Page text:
Push came to shove on Tuesday when the Porter County Convention, Recreation
and Visitors Commission, more commonly known as Indiana Dunes Tourism,
pledged to be proactive in clarifying the allegedly false information being
publicized by Lake County’s tourism commission.
The nine-member PCCRVC board gathered for their annual planning retreat at
the Dorothy Buell Memorial Visitor Center to strategically plan for the
future. The only matters which ended up being discussed by the board were
potential uses of space shared with the National Parks Service at the
visitor center and how to advocate its partnership with the Northern Indiana
Tourism Development Commission (NITDC).
Leading the retreat, Mitch Nichols of the Arizona-based Nichols Tourism
Group, said Indiana Dunes Tourism director Lorelei Weimer and her staff have
given a considerable amount of time to addressing claims made by Lake County
tourism president Speros Batistatos when the energy could be focused on
promoting attractions in Porter County.
“How do we get over this continual side battle that has been ensuing for so
long?” Nichols posed to the board.
Earlier this year, Batistatos in a press conference said his county
outperformed Porter County in occupied hotel rooms during 2011 while the
PCCRVC rebutted saying its rooms sold increased by 9.3 percent over Lake’s 5
percent growth according to figures in the Smith Travel Accommodations
Instead of ignoring Lake County Tourism’s attempts to force a merger between
the two commissions, PCCRVC board members and staff will “share their story”
with county and municipal officials on their successful involvement with
NITDC made up of Porter and six other counties.
NITDC formed in early 1990s when the county convention and visitors bureaus
(CVBs) wanted to combine efforts to promote attractions to the 110 million
visitors driving on the Indiana Toll Road on an annual basis, said NITDC
Executive Director Dan Bearss. Instead of competing against each other, the
CVBs decided to pool their resources and leverage funds to compete with
surrounding mega-markets like Chicago, Detroit and Indianapolis. Each CVB
within the organization has the ability to advertise in publications such as
Chicago Tribune’s Travel Section and USA Today.
Bearss said NITDC has its own board with representatives from each
partnering CVB and benefits are reaped from having twenty years of respect
and trust for each other.
“Everyone now is talking about collaborations. We’ve been doing that for 22
years. We were doing regionalism before regionalism was cool,” said Bearss.
The CVBs share resources such as a website database system that gives each
member 70 percent more tools for promotions. Indiana Dune Tourism is using
the same system to create top-level websites for Porter County venues like
the parks and Expo Center.
The PCCRVC board mulled outreach methods they felt would be most effective
in relating its case to community members. Board member Richard Riley said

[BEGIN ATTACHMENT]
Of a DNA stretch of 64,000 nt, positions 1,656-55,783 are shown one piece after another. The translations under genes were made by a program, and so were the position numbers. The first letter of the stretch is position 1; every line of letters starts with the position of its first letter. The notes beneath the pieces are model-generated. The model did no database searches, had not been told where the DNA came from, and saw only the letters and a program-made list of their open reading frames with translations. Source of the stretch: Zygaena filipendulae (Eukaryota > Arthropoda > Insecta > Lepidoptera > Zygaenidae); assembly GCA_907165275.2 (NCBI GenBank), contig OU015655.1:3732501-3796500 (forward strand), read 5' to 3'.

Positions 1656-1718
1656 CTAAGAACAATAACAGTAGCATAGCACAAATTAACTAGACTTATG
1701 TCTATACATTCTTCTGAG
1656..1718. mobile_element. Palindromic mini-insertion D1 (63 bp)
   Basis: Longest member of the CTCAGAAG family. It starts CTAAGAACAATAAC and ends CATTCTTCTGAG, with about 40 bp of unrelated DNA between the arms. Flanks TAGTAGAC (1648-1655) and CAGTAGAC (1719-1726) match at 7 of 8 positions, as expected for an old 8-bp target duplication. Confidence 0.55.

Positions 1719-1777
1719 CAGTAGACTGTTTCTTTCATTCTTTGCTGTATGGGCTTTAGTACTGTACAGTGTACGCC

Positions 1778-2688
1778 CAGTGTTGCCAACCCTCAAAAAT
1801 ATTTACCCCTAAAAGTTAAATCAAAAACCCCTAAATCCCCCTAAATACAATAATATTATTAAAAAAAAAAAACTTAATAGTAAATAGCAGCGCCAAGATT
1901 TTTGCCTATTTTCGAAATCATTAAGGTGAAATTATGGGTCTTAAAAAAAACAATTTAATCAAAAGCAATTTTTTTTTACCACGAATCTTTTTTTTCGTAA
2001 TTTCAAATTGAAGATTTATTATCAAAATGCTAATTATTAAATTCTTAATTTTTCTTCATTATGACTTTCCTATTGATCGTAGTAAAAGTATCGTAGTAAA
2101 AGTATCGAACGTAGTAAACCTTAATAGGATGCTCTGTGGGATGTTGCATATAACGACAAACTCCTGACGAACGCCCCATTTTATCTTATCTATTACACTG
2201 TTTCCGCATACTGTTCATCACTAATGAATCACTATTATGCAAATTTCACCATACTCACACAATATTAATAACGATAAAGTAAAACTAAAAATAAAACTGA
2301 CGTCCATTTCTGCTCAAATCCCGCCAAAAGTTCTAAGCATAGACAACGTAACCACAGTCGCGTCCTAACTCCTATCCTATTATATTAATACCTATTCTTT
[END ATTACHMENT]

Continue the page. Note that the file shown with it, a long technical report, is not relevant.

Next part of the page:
sending out mailers may not be enough. Board president Mitch Peters
suggested holding one-on-one talks with the entities represented on the
“I hope we are able to get the facts and bring that back to the bodies who
appointed us,” said Peters. “They’re going to get the straight news from
Nichols said other tourism commissions are seeing situations similar to
Porter County’s due to economic and political factors.
He did give the board a boost of confidence saying, “I think you have one of
the most productive regional alliances in the nation.”
NITDC was named one of the top three destination marketing organizations in
the nation according to a study done by Purdue University.
In another matter, the board voted unanimously to invite associates of the
National Park Service to be a part of discussions on redesigning space at
the visitor center, which it shares jointly with the county.
Nichols said sharing the space with the NPS is a unique situation and could
be a great way to maximize the experience for the travelers who walk through
Nichols suggested using multi-media displays to enhance visitors’
educational experiences such as electronic kiosks to give visitors the info
they seek. To get some ideas, Nichols showed the board slides of the
National Geographic Visitor Center which uses interactive exhibits and video
to teach visitors about the Grand Canyon.
But when trying to find a balance between what the NPS envisions for the
center and what the county tourism commission envisions, the board said the
decisions should be up to the customers. “It’s really a balancing act,”
Plans are to launch a new survey this year to understand specifically how
guests are using the visitor center and what elements are important to them.
From there, a subcommittee made up of three Indiana Dunes Tourism staff
members, two board members and representatives of the NPS will get the
results approximately in December and collaboratively create a timeline.
One or two conceptual designs for floor changes will be drawn up, along with
their associated costs. Once a consensus is established, the subcommittee
will identify steps to begin the renovations.
Weimer said the construction should not be anything major and everything can
be done within the space already there.
Peters felt the NPS should be involved and called for a motion to invite
them to be on the subcommittee, which passed unanimously.
“Let’s get going,” Peters said.
Weimer said the topics the board did not get to during the retreat will be
pushed back until the board meets again on May 8. One topic will be traffic
situations around Dunes State Park.